When Florida's cruise ship industry last year faced a plan to tax Miami cruises to pay for a new Florida Marlins stadium, Gov. Jeb Bush singlehandedly squashed it with the promise of a veto.
When Sept. 11 threatened to blow a hole in the Florida tourism industry _ cruises included _ Bush and the Republican-controlled Legislature found $20-million to pump up Florida's marketing. In Boston, he hopped aboard a Carnival cruise ship loaded with New England travel agents to extol Florida last fall.
The industry is grateful. Very grateful.
In June, the Cruise Industry Community Fund, a Virginia-based industry group, gave the state GOP $500,000. The campaign donations came in two checks and established the cruise industry trade group as the GOP's largest single donor for this year's campaign. Money to the state party will pay for most of Bush's re-election campaign.
"Across the board, the governor has been very supportive of the industry growing and Florida becoming the biggest recipient of that growth," said Angela Plott, vice president of the International Council of Cruise Lines, which made the contributions.
Michael Crye, president of the trade association, cited Bush's aggressive efforts to beef up security in Florida ports. The state was "out in front" of the rest of the country, he said, in addressing a top concern of cruise line customers.
More cruise ships depart from Florida than any state, and the industry estimates it has an economic effect on the state of more than $3-billion.
Around the country, some environmentalists and politicians have called for tougher state and federal regulation of the industry, particularly to restrict waste dumped from ships. The cruise industry has had a much friendlier relationship with Bush's administration.
Late last year, Florida became the only state to sign a memorandum of understanding with the industry effectively embracing industry guidelines for monitoring waste.
The industry also has embraced some of Bush's pet projects. Carnival Cruise Lines in June donated $1.2-million to the governor's family's literacy initiative. Last year, the same initiative received $150,000 from the Cruise Industry Charitable Foundation.
The industry has been generous to both parties over the years, though it appears to favor the GOP.
The industry donated about $35,000 to the Florida Democratic Party since 1998, and thousands more to candidates from both parties, records show. But a spokesman for the state Democratic Party said it has received nothing from the Cruise Industry Community Fund for the current campaign.
In February, Carnival Cruise Lines gave $100,000 to a campaign for a ballot initiative that would require the state to provide free prekindergarten learning for 4-year-olds.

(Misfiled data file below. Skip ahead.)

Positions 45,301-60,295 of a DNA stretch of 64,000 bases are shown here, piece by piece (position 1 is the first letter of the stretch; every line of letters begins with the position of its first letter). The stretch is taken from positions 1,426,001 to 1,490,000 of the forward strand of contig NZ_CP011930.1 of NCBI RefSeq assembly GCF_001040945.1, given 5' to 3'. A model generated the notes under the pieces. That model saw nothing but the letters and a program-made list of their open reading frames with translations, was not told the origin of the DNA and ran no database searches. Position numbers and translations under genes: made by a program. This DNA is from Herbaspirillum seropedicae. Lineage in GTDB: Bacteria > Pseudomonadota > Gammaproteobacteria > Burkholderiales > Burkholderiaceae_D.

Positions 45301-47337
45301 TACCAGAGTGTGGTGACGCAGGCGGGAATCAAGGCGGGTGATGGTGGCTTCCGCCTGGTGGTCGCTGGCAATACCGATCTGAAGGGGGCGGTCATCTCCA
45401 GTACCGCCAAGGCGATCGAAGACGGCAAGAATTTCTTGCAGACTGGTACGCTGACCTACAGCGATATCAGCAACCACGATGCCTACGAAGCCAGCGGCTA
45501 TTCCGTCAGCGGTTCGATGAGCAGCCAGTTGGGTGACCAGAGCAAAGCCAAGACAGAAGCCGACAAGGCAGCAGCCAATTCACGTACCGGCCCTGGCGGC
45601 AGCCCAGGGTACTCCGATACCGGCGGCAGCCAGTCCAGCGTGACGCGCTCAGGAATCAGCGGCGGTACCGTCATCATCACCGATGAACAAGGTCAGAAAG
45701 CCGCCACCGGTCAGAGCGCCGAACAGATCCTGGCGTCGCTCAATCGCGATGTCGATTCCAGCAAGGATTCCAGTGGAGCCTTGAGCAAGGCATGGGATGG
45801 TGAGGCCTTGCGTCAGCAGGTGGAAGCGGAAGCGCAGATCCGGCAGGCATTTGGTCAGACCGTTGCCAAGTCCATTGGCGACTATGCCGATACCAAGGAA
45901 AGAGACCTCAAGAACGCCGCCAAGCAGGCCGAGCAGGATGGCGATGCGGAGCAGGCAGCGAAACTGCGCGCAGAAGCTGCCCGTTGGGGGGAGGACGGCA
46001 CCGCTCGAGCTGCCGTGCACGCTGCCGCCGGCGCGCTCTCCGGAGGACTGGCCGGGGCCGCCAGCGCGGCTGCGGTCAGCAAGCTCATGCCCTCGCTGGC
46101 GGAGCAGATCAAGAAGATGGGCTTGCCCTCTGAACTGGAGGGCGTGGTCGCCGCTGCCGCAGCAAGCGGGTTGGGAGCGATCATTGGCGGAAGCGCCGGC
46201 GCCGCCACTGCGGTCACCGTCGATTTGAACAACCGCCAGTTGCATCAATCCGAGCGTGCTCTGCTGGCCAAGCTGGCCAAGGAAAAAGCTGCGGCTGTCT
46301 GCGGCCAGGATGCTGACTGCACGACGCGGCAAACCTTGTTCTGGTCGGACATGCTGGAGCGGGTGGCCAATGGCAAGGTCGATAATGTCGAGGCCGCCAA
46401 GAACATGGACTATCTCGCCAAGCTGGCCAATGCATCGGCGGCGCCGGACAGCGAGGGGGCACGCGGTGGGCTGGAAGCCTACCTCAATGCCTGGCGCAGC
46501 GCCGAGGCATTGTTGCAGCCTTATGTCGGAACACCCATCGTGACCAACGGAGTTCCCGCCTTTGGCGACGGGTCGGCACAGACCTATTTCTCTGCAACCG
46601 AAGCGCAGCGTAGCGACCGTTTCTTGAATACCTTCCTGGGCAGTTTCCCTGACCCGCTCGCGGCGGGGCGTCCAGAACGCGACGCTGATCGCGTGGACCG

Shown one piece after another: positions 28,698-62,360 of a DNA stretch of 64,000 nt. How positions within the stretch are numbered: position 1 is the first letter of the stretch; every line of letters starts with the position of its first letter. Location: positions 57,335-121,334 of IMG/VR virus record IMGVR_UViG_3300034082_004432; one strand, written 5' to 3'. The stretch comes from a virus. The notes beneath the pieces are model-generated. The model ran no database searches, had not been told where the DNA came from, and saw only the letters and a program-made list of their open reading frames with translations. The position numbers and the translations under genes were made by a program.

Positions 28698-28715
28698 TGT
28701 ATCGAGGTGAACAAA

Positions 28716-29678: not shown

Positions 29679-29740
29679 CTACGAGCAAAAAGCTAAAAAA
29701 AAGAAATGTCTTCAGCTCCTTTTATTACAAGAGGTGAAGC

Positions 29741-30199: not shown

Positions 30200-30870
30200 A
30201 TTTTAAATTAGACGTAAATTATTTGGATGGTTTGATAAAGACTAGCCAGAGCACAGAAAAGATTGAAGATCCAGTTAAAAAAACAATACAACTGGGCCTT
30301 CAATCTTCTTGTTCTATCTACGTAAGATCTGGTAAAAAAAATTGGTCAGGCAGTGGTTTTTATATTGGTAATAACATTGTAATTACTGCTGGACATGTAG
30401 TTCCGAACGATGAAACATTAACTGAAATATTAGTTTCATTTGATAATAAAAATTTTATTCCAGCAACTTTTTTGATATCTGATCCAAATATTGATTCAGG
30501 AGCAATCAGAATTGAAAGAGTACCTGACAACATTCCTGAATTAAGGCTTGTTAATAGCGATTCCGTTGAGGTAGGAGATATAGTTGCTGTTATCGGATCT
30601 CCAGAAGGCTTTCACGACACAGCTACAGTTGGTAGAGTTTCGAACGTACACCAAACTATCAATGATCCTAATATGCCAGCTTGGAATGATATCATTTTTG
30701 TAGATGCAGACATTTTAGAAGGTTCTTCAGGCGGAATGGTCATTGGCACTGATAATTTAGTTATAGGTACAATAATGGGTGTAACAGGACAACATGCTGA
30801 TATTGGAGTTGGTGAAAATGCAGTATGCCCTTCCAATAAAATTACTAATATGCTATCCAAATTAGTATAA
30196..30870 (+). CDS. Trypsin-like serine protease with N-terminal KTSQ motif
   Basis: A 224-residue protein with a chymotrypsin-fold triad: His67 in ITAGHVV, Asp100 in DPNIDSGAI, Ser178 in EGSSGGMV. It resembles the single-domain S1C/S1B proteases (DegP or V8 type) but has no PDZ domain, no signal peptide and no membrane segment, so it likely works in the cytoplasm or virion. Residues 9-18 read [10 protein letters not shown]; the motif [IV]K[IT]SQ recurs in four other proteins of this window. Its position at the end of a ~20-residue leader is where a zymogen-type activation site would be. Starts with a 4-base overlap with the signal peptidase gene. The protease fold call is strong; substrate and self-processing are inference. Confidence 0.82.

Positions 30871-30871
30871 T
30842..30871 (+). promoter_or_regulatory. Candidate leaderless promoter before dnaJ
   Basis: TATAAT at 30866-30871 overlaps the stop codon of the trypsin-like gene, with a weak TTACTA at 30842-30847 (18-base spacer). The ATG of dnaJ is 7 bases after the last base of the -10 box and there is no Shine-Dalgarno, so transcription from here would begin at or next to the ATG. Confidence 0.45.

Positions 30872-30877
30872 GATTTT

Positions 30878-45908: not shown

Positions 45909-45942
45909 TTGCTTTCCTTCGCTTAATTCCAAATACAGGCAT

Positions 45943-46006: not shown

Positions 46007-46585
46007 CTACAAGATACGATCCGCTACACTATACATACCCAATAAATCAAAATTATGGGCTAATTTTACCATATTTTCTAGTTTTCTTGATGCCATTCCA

Florida Democratic Party spokesman Ryan Banfill speculated the size of the Florida GOP donation might have been aimed at catching the White House's eye. The federal government oversees most regulation of the industry.
"They're giving new meaning to the phrase "love boat,' " Banfill said. "Send $500,000 to the Florida Republican Party, and it's a show of good faith to the president of the United States."
Towson Fraser of the Florida Republican Party said the donations reflect support for how Bush has worked to keep Florida's economy strong.
The donations were among $7.4-million to the state GOP between March 31 and June 30.
Florida Democrats raised $1.7-million during that same period, but the contributors to the Democrats were not available Monday on the Division of Elections' Web site.
With its June checks, the cruise industry jumped to the top of state party contributors this election cycle, which began in January 2001. The GOP's second largest contributor is Tampa's PHP Holdings, whose HMO, Physicians Healthcare Plans, gave $110,000 in May, for a total of $285,000 since 2001.
Other major recent GOP contributors include St. Joe Corp., a huge north Florida developer, which gave $75,000; MBNA Corp., a Delaware-based credit card company, which gave $100,000; Miami-based Burger King, which gave $100,000; California builder A.G. Spanos, who gave $100,000; and the Florida Manufactured Housing Association, which gave $100,000.
Entwistle & Cappucci, a New York law firm the state hired to try to recover investment losses in the state's pension fund, gave $50,000 to the state GOP. The firm's Tallahassee partner, Paul Bradshaw, is married to Bush's former chief of staff.